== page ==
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<eyebeam><blast> Notes from the Boiler Room

I am honored to be the guest of the week of this distinguished list, so
let me just jump in here before I start sucking my fingers again:

Geert Lovink wrote:

>Too many academics, with no experience in the field of programming or
>the day-to-day economics, are still defining the terms of the

I really don't want to sound anti-academic, but the sentiment is not at
all unfamiliar.  Sometimes working at The Thing feels like shoveling
coals in the bowels of an Ocean Liner while the Congress on deck is
dancing.  I also agree with Geert that practise comes first and
criticism second. Somebody recently mentioned they wanted to do a
discussion board about "protocols" and to this day I don't know whether
they were talking about red carpets or ftp.  I do however disagree with
Geert about the value of art as a  tool for the better understanding of
the emerging cyber economy/culture.

Granted, traditional art practice is not of much use here, but one
should take into account how the role of the artist has changed when
working in networked terrain.  As Alex Galloway has pointed out in a
recent article at http://www.rhizome.org: "An artist isn't just an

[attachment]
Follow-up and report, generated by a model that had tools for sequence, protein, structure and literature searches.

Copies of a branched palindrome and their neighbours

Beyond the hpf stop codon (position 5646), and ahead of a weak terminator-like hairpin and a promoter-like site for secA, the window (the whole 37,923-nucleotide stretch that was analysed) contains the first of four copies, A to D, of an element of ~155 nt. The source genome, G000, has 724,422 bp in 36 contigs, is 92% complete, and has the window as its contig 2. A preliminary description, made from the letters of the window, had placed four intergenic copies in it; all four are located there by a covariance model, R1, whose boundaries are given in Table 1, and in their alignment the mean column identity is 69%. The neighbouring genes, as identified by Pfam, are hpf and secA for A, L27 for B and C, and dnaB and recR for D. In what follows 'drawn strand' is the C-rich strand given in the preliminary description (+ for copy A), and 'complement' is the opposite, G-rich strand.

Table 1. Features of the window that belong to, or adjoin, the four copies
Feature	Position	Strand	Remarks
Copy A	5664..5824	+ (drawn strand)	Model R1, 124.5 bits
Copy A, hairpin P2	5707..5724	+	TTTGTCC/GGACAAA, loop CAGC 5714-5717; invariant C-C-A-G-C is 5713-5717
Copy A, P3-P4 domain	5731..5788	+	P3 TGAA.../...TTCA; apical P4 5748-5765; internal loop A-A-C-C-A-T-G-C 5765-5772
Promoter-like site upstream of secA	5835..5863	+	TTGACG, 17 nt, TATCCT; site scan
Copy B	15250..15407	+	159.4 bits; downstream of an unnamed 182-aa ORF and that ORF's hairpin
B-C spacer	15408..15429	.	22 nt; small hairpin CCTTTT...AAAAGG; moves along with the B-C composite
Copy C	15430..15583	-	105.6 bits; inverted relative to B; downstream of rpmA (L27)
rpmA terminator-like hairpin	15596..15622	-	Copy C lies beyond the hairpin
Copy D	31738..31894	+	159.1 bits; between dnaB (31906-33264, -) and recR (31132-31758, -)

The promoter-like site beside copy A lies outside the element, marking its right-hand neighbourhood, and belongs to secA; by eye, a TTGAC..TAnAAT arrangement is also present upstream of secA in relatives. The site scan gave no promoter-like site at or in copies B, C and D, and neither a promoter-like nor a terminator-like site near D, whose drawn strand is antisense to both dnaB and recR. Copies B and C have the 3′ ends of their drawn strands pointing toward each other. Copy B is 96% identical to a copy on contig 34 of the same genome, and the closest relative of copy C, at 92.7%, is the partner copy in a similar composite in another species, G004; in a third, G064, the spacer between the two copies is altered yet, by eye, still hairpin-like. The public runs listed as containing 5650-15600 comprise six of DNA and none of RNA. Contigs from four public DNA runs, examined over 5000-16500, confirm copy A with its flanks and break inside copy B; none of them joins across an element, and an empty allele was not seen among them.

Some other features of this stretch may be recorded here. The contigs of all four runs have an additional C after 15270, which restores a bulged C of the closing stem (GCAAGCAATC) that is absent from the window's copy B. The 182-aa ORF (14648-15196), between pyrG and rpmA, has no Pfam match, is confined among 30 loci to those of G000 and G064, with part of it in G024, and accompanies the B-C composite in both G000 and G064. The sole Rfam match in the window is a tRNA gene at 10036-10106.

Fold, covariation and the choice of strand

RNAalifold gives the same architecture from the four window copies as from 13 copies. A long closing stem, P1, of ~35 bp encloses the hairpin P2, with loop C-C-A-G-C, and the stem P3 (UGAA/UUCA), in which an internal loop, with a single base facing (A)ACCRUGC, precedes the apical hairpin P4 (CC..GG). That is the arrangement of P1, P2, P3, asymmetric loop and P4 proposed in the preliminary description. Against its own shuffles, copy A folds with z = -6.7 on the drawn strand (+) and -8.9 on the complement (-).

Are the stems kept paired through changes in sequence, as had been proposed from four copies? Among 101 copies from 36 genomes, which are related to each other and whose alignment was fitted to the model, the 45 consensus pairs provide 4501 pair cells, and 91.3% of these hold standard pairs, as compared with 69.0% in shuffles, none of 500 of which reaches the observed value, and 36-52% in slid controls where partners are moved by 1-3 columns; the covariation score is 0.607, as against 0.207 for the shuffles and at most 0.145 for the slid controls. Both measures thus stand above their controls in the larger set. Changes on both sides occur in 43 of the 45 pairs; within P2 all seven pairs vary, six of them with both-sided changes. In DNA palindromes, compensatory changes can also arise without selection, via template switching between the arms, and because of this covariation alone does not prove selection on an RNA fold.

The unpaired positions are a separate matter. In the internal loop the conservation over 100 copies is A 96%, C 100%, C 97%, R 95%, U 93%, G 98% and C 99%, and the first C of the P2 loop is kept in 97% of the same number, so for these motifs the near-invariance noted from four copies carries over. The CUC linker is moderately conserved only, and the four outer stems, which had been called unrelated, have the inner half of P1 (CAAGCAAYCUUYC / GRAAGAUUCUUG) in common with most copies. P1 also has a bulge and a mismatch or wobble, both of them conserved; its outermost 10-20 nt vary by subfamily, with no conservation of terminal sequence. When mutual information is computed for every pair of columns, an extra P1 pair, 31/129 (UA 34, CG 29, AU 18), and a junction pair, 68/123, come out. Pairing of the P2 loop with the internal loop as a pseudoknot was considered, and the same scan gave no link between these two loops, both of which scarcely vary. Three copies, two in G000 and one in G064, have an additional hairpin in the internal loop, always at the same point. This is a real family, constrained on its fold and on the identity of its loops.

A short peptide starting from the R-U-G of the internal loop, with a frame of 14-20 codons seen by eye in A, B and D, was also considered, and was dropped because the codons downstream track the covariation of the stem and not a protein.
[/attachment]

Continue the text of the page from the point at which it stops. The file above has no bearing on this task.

artist any more. These days,  with new technologies, it seems that an
artist must also be a designer, and a programmer, and a business person,
and a publicist."

Talking about business , now what's that got to do with art?  A whole
lot, as the recent demise of adaweb illustrates.  I don't really want to
get into the debate about the benefits of sponsoring versus "autonomy,"
let me just point out some political as well as aesthetic implications.
There's a real difference between hitching your waggon onto AOL (as
adaweb was more or less forced to do) , and going about business in a
manner of, as Keith Sanborn recently phrased it in this memorable jewel,
"putting some shards of glass in the cake to make them cough up blood."

What then is it that distinguishes enterprises like <plug> name.space,
nettime, The Thing </plug> from many of  of the other contenders?  They
are all models of economically self sufficent network projects that
sofar successfully resisted the onslaught of cultural homogenization
brought  to you by the likes as AOL, Disney, Time Warner and the rest of
the lot.  If you want to do your projects in a shopping mall, fine, some
might find that even interesting, but it's definitely not to everyone's

This eyebeam list is a good example. It could have been hosted by any
network, but it's hosted on thing.net and thereby contributes to
building a sustainable alternative network.  Knowing Jordan's
perversity, he probably would have more fun having AOL as a backdrop,
but  here it is, nonetheless!  Thanks Jordan!

Well, I guess there are plenty more reasons why art is still important,
but it's party time in NYC and I am out of here.

Wolfgang Staehle
http://www.thing.net if you don't know it by know!

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